Security cameras in downtown Bloomington?
Security cameras have been prominent in the investigation of Lauren Spierer's disappearance, which led the H-T to ask a question - should the city install security cameras downtown?
One of the most important responsibilities government has is to not violate the rights of its citizens, so the first concern should be whether this infringes on civil liberties. My answer is that it does not. There is no real expectation of privacy on a public street, where all of your actions are already visible to everyone.
I do not want the government snooping through my e-mail, listening to my phone conversations or spying on me in my home, but I expect I am being watched in a public place. (I should have the right to not be detained by agents of the state for simply walking or driving down a public street, though.)
Concerns about the cameras are reasonable. It is one thing for a private business to be electronically monitoring their property, but having government electronically recording you is a little creepy, even if you are in public.
Even with cameras, one should not have a false sense of security. People should still take common sense precautions to ensure their safety. Cameras cannot cover every inch of downtown. The cameras would be more useful in catching people after the fact or acting as a deterrent. Cameras can be useful in specific situations, such as catching the people responsible for vandalizing the B-Line Trail.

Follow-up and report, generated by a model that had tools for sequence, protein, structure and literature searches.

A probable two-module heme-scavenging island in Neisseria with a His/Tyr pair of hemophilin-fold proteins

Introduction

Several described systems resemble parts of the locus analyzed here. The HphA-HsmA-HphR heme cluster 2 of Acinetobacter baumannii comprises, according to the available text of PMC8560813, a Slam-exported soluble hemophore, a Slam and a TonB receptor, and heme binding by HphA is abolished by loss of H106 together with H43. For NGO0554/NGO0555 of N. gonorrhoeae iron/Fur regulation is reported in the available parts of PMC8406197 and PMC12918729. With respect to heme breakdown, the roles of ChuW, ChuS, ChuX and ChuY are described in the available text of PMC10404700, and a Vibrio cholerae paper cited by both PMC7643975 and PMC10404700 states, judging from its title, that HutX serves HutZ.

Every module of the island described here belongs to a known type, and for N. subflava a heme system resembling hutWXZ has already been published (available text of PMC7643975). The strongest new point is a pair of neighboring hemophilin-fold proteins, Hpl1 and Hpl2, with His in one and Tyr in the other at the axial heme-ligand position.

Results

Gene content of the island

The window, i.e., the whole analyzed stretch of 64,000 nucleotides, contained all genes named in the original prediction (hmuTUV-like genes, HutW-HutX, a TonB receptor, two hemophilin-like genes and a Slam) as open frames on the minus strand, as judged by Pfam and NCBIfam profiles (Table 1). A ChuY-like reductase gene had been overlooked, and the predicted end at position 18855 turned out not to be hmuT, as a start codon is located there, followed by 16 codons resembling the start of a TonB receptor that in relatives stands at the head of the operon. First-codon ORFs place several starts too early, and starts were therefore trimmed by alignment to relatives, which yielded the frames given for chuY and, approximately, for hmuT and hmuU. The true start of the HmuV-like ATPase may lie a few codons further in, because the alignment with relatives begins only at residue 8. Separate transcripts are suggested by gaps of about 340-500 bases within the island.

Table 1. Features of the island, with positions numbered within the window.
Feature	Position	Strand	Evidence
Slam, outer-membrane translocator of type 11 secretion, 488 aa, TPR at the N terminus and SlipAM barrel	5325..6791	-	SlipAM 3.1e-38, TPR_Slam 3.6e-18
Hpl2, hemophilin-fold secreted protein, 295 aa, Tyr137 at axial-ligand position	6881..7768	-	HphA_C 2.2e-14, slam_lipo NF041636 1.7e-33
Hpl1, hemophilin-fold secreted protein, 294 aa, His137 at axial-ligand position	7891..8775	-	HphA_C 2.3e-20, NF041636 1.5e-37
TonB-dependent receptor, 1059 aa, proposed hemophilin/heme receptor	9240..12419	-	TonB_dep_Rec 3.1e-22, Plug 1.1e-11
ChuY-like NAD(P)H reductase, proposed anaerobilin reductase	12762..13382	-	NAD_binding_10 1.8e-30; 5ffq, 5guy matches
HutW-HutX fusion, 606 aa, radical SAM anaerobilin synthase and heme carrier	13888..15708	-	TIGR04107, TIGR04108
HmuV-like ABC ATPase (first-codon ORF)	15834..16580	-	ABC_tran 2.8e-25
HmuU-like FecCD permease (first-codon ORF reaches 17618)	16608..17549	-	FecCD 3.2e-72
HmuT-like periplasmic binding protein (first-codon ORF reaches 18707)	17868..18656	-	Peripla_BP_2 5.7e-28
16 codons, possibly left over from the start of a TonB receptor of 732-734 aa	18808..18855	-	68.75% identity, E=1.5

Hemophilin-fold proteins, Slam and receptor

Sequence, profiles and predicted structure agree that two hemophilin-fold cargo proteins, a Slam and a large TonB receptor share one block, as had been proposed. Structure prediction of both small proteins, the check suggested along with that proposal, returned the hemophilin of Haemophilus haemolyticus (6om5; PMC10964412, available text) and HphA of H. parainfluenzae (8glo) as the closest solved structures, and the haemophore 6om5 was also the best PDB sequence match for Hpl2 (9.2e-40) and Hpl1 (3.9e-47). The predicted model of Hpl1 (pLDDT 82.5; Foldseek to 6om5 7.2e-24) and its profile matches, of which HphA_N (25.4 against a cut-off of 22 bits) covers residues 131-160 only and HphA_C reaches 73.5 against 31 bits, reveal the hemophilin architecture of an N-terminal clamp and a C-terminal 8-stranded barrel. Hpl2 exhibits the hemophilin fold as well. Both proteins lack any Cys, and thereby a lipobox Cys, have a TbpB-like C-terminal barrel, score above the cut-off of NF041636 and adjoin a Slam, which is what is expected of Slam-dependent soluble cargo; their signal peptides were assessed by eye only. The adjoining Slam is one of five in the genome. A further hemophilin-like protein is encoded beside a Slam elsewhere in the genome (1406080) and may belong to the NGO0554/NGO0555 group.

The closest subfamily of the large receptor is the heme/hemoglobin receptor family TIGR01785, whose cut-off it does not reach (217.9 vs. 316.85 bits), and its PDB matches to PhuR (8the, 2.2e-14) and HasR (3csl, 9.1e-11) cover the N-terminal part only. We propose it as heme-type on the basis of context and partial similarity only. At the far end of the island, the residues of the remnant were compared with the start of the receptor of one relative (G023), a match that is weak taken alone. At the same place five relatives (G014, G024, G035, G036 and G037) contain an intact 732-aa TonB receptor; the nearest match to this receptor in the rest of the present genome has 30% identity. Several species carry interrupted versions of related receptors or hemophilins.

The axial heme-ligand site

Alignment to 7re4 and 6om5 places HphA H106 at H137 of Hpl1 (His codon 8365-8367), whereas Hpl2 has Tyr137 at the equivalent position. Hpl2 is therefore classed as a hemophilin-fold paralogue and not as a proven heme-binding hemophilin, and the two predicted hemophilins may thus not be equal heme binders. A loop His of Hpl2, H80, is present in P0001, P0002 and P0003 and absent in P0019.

I think comparing cameras to increased police patrols is a flawed analysis. If the idea is to cover as much ground as possible, security cameras would be much more effective than a few more police officers. A couple more officers on patrol will not be able to watch nearly as much area as the cameras, and hiring more officers would be much more expensive than cameras. The biggest expense of any organization is always personnel.
In the end, I do not believe this is necessary. Bloomington is not a high-crime town, and I do not believe the cameras would actually accomplish much. This is a reasonable idea, but the city is right to reject it.